Today, we’ll get straight to the point and speak frankly and honestly. Frank, Founder and Managing Director of MONOCHROME, whom I’ve known for more than seven years now, is probably one of the most upfront and straightforward people I’ve ever met: Frank is a man who says what he thinks. And today we’ll talk about one of his most beloved watches, one that he’s owned for years and that I’ve always wanted to feature in our ‘Collector’s Series’, his handsome Audemars Piguet Royal Oak ‘Jumbo’ 5402ST. And because this watch is such an icon, it doesn’t really need an introduction anymore. Instead, we’ll be looking at what really matters, the collecting side of things, the market, the fuzz around the watch…
Today the ‘Collector’s Series’ goes wild and I’m happy to have Frank on board for this new instalment. Fasten your seatbelts and let’s get to it!
Brice Goulard – No need to present this model anymore… It is a true icon. So let’s talk about your own watch, Frank. I know you’ve had it for a while now. What’s the story behind it?
Frank Geelen – We have to go back to my early days of collecting and running MONOCHROME. Online at forums, I had seen the occasional Royal Oak and I liked it, however, it was simply far out of reach, budget-wise. But I also had no idea of what it would be on the wrist and most retailers of high-end watches were simply not very welcoming. It felt like there was a balloting committee to decide whether they would allow you to come in, to try on the watch, or even to be worth a second look from the salesperson. Most images of the Royal Oak were the official PR shots and that didn’t really show the watch in its natural habitat, i.e. the wrist. Fast forward a few years…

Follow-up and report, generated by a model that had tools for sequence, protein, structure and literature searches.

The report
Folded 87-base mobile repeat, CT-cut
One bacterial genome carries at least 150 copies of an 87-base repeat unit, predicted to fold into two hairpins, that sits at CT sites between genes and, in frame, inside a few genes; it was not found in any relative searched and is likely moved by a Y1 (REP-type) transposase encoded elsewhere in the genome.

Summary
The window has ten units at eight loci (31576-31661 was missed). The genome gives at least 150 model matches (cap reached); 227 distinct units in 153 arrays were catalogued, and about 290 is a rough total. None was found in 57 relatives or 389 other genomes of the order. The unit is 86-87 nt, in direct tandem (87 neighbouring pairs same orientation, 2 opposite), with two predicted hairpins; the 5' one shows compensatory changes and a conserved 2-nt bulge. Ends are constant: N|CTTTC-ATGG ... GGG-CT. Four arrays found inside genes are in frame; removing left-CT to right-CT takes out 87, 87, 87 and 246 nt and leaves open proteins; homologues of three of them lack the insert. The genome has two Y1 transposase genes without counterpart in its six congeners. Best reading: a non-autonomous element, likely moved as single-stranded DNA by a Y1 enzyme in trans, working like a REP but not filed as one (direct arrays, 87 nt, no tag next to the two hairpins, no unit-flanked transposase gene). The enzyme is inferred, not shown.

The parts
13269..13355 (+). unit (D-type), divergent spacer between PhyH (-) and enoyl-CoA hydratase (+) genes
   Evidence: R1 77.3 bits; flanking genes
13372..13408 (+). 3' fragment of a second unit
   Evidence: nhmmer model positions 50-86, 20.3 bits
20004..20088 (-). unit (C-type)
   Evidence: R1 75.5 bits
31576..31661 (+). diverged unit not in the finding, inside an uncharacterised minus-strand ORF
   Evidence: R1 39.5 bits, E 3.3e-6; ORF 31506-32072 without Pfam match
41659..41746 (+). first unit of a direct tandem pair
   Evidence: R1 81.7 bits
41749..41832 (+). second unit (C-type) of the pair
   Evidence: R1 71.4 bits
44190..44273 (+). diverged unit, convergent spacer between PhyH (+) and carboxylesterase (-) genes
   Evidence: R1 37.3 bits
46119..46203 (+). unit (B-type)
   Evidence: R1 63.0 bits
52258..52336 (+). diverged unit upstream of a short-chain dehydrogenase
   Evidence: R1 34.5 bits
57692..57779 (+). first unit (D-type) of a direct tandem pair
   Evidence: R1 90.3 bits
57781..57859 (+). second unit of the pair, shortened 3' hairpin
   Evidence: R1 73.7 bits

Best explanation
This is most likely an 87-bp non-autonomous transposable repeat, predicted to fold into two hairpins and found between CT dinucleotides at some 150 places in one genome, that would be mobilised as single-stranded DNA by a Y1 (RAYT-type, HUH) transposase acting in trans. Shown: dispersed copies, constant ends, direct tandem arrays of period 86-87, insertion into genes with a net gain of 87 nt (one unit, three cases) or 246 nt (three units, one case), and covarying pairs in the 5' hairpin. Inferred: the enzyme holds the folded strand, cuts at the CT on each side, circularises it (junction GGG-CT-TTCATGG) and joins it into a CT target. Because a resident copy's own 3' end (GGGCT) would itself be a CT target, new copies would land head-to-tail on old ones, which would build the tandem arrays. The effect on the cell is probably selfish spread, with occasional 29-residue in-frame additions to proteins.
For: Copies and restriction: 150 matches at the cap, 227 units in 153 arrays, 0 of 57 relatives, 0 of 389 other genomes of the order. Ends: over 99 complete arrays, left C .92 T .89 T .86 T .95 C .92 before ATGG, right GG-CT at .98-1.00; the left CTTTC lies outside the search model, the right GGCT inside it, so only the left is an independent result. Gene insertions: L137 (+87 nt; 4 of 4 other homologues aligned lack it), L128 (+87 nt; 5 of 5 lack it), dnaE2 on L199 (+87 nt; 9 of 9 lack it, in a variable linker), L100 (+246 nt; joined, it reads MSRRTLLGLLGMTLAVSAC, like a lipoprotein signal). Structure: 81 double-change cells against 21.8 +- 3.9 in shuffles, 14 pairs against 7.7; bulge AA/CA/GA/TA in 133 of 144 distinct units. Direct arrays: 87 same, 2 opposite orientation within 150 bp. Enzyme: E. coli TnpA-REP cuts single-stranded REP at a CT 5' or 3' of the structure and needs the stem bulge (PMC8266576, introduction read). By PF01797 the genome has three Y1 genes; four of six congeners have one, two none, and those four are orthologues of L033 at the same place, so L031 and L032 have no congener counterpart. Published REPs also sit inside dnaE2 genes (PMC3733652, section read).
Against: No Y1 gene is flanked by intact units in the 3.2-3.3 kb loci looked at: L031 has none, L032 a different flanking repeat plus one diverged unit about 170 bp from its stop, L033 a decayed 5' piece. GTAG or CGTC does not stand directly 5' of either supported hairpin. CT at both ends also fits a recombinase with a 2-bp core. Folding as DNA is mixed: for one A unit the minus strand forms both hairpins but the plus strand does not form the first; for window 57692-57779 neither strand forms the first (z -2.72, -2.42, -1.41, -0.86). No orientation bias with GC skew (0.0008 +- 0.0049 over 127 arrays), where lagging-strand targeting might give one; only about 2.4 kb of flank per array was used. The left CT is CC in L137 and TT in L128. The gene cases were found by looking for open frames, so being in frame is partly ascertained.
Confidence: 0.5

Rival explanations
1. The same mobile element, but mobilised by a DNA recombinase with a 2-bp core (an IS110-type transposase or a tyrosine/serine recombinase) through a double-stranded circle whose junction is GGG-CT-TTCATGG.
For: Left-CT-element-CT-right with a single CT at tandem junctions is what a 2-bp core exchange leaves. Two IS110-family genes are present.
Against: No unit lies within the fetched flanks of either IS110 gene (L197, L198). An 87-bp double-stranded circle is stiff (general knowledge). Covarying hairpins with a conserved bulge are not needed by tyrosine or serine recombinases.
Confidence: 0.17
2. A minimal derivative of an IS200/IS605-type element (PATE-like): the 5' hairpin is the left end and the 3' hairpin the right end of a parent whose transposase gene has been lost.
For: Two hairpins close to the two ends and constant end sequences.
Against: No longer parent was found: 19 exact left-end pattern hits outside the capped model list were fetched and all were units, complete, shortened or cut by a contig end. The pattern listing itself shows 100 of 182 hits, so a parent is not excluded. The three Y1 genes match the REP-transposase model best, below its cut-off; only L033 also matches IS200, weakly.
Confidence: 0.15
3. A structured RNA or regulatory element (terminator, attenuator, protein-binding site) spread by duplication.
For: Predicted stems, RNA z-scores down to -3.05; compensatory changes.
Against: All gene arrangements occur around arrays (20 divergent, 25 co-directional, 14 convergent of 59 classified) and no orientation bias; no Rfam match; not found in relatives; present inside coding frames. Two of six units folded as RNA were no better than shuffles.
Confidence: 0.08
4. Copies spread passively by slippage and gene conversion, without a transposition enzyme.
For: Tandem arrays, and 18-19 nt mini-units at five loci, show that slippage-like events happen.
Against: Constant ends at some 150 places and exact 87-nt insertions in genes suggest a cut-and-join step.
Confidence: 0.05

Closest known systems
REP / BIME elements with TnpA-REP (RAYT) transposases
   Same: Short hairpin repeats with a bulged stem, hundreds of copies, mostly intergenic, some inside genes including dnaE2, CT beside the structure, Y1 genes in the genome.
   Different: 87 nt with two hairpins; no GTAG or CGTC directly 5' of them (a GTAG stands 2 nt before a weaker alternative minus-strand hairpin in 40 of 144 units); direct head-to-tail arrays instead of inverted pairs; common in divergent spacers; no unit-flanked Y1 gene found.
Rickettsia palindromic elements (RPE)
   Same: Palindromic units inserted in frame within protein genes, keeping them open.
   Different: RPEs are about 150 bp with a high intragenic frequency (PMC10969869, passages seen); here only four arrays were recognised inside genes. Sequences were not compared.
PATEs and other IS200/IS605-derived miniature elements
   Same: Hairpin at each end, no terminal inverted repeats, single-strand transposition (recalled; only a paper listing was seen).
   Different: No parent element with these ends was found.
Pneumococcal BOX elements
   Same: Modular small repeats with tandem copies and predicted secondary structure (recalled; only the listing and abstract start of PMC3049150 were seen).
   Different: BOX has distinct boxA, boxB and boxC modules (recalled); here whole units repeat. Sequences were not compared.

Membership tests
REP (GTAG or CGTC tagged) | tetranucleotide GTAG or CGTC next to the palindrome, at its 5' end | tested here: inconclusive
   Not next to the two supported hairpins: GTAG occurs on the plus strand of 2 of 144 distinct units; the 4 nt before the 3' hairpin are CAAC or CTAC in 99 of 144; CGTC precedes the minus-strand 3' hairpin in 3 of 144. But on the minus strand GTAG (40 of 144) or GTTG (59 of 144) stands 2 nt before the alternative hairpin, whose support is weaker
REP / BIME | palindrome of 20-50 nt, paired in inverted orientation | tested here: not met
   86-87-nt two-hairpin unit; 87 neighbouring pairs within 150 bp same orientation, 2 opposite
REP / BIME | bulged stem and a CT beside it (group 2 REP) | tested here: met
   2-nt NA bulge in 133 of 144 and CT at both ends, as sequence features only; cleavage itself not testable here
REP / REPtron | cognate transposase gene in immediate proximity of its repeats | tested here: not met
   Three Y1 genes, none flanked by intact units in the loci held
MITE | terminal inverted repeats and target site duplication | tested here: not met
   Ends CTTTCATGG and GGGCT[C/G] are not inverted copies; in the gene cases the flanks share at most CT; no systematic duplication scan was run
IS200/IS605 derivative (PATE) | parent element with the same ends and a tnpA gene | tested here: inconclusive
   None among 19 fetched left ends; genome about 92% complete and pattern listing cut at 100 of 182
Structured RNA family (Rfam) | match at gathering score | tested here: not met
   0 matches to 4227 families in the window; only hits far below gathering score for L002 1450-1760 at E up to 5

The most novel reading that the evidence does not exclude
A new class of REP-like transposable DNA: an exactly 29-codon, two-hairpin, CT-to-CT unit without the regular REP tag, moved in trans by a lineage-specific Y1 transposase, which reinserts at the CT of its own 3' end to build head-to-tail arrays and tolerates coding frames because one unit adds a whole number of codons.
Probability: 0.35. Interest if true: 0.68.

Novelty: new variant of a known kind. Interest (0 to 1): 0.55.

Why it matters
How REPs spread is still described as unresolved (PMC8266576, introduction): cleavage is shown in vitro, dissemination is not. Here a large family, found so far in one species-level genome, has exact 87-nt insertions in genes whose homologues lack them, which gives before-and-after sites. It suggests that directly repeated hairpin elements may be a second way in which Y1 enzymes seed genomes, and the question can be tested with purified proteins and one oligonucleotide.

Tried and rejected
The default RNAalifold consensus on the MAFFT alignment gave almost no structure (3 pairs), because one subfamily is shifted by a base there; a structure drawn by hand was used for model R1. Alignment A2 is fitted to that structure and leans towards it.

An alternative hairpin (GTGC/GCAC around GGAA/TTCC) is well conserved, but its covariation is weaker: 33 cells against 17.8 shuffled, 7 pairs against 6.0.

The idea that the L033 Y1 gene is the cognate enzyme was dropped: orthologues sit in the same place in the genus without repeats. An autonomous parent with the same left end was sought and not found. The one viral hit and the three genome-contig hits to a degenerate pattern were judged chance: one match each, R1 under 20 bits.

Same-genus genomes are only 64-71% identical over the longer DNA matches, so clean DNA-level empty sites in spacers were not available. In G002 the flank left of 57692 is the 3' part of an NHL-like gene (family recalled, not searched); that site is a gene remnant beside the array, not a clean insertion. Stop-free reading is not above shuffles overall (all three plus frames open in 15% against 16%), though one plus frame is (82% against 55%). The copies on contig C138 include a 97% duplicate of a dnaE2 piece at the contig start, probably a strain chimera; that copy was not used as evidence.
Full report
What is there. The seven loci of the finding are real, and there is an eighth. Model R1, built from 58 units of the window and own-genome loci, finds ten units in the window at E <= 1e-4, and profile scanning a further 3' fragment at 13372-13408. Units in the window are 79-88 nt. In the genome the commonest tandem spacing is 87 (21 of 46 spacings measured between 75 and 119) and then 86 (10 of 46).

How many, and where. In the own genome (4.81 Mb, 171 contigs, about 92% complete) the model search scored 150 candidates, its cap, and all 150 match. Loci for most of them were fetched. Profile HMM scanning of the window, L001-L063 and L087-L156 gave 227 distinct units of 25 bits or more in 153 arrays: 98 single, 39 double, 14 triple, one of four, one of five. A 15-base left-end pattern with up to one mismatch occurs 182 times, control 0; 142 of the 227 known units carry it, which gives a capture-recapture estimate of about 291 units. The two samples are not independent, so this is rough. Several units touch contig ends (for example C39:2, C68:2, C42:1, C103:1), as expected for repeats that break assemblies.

A friend of mine, Robert-Jan from Fratello, owned a ref. 15300 and although I kind of liked the watch (from a distance), there was always something that just didn’t do it for me. I handled the watch on several occasions, tried it briefly on my wrist. Of course, I had read a lot about the Royal Oak, or at least quite a bit, as information was not as ‘available’ as it is today on the world wide web! So I knew about the model’s history, how it was designed (on a napkin during Baselworld, they say) and I had seen quite a few photos of Royal Oaks. I guess like many, I wondered why it was so incredibly expensive. And how it would look on my wrist. Somehow I could not really connect to the 15300. When RJ sold the 15300, he bought a 15202ST and in 2011 I got to borrow his watch for a few days.
This was a pre-2012 reference 15202ST and I have to admit, the spark was still not there. It was too angular, too ‘rough’, and although I ‘kind of’ liked it, it certainly was no head over heels or anything close to the motivation that is required to drop 15k on the table (or around 12k for a pre-owned one, at that time).
The following year, in January 2012, Audemars Piguet introduced a revamped version of the ref. 15202ST during the SIHH in Geneva. I tried it on my wrist for a photoshoot and I fell for it. Head over heels! And immediately I understood what made me like the new version so much more than the previous version. The markers were thinner and longer, the clous de Paris (hobnail) dial featured a much finer pattern, called petit tapisserie. This softened up the watch’s design and I loved it.